My daughter is 21 months now and is forming sentences, can follow "complex" instructions, count to five, solve puzzles rated for four years old and she knows simple shapes and the alphabet. I'm sure the daycare workers are exaggerating, but they've told us she's actually more mentally developed than the other kids in her class.

Using that as a gauge, simple A.I. can mimic behavior, recognize shapes and sounds and form associations. So I'm pretty sure up to ConceptNet4 most A.I. would be about the equivalent level of an 18 to 24 months old. ConceptNet4 I think is showing abilities that are probably consistent with at least a two year old and up.

Re:Misleading crap (1)

Russ1642 (1087959) | about 9 months ago | (#44317643)

The ability to look around, recognize faces, react to and locate sounds, control the behaviour of parents with crying, and take objects and put them in its mouth as good as a six month old would be Nobel prize winning AI.

Re:Misleading crap (2)

Vanderhoth (1582661) | about 9 months ago | (#44317799)

With the proper sensors they can look around, recognize faces and react to an locate sounds. I'm not sure if giving a machine a mouth so it can shove random objects into it is really Nobel prize worthy...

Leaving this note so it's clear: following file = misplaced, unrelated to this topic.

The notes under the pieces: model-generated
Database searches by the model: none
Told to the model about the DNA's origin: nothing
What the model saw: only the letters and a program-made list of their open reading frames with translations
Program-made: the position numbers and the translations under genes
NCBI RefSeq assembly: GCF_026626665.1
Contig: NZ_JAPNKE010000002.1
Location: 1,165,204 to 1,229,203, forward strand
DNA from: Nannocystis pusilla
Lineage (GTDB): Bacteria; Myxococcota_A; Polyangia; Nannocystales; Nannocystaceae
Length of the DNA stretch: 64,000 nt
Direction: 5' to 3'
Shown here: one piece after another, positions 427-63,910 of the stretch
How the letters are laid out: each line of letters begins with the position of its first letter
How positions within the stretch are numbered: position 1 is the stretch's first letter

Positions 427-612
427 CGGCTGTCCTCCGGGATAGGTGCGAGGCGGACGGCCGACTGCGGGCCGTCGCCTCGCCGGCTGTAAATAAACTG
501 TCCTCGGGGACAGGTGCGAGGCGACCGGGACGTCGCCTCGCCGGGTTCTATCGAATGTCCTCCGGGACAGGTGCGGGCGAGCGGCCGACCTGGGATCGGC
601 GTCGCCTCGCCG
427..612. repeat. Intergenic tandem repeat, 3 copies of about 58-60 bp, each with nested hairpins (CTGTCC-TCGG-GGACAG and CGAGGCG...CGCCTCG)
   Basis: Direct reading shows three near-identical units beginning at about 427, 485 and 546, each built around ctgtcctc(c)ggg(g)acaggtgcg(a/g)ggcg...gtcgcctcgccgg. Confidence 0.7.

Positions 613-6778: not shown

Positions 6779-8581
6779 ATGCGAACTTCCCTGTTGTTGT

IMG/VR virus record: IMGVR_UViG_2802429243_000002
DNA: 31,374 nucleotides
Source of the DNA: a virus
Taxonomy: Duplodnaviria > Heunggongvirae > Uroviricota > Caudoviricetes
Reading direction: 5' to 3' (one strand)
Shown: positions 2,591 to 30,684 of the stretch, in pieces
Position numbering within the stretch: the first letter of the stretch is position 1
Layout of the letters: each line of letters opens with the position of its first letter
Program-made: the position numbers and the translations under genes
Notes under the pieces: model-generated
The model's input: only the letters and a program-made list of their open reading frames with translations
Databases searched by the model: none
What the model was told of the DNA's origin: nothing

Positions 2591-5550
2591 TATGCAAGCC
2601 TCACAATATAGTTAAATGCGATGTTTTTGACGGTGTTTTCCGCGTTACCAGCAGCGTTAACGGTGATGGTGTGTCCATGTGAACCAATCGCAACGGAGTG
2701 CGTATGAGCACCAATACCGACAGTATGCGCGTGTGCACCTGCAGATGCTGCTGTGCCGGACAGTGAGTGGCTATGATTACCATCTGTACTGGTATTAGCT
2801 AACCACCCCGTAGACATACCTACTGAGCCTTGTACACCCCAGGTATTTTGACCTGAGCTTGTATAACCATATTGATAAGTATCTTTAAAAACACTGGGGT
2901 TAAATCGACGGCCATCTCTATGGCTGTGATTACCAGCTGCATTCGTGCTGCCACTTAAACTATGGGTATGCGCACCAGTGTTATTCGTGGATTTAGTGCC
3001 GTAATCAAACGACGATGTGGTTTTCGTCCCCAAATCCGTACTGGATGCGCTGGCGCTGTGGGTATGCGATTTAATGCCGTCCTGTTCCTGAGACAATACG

Re:Misleading crap (1)

bjb_admin (1204494) | about 9 months ago | (#44317665)

Wait a few more years and she may be scripting LUA in Roblox! My 10 year old son has been doing this for the last year with no help from me!

Re:Misleading crap (1)

Vanderhoth (1582661) | about 9 months ago | (#44317707)

Yeah, I'm excited. I was programming at seven when my Dad gave me his old Atari 130XE to play with. I can't wait to see what she'll do since computers are so cheap their practically throw away items now.

Re:Misleading crap (2)

Vanderhoth (1582661) | about 9 months ago | (#44317371)

I think the point is, like in a real child's development this is a stepping stone, it's something A.I. has to go through in order for it to mature.

I never understood why people think a A.I. should learn any faster than a real child could. It's like people think because it's a computer it automagically knows everything there is ever to know, but in reality A.I. still requires training and positive/negative reinforcement just like really children do.

Re:Misleading crap (1)

ebno-10db (1459097) | about 9 months ago | (#44317503)

I agree, but after a program has learned for a while, you can make a copy of it. So if it takes 4 years to teach the program, it doesn't mean it takes 4 years for every copy of the program.

Re:Misleading crap (1)

Vanderhoth (1582661) | about 9 months ago | (#44317667)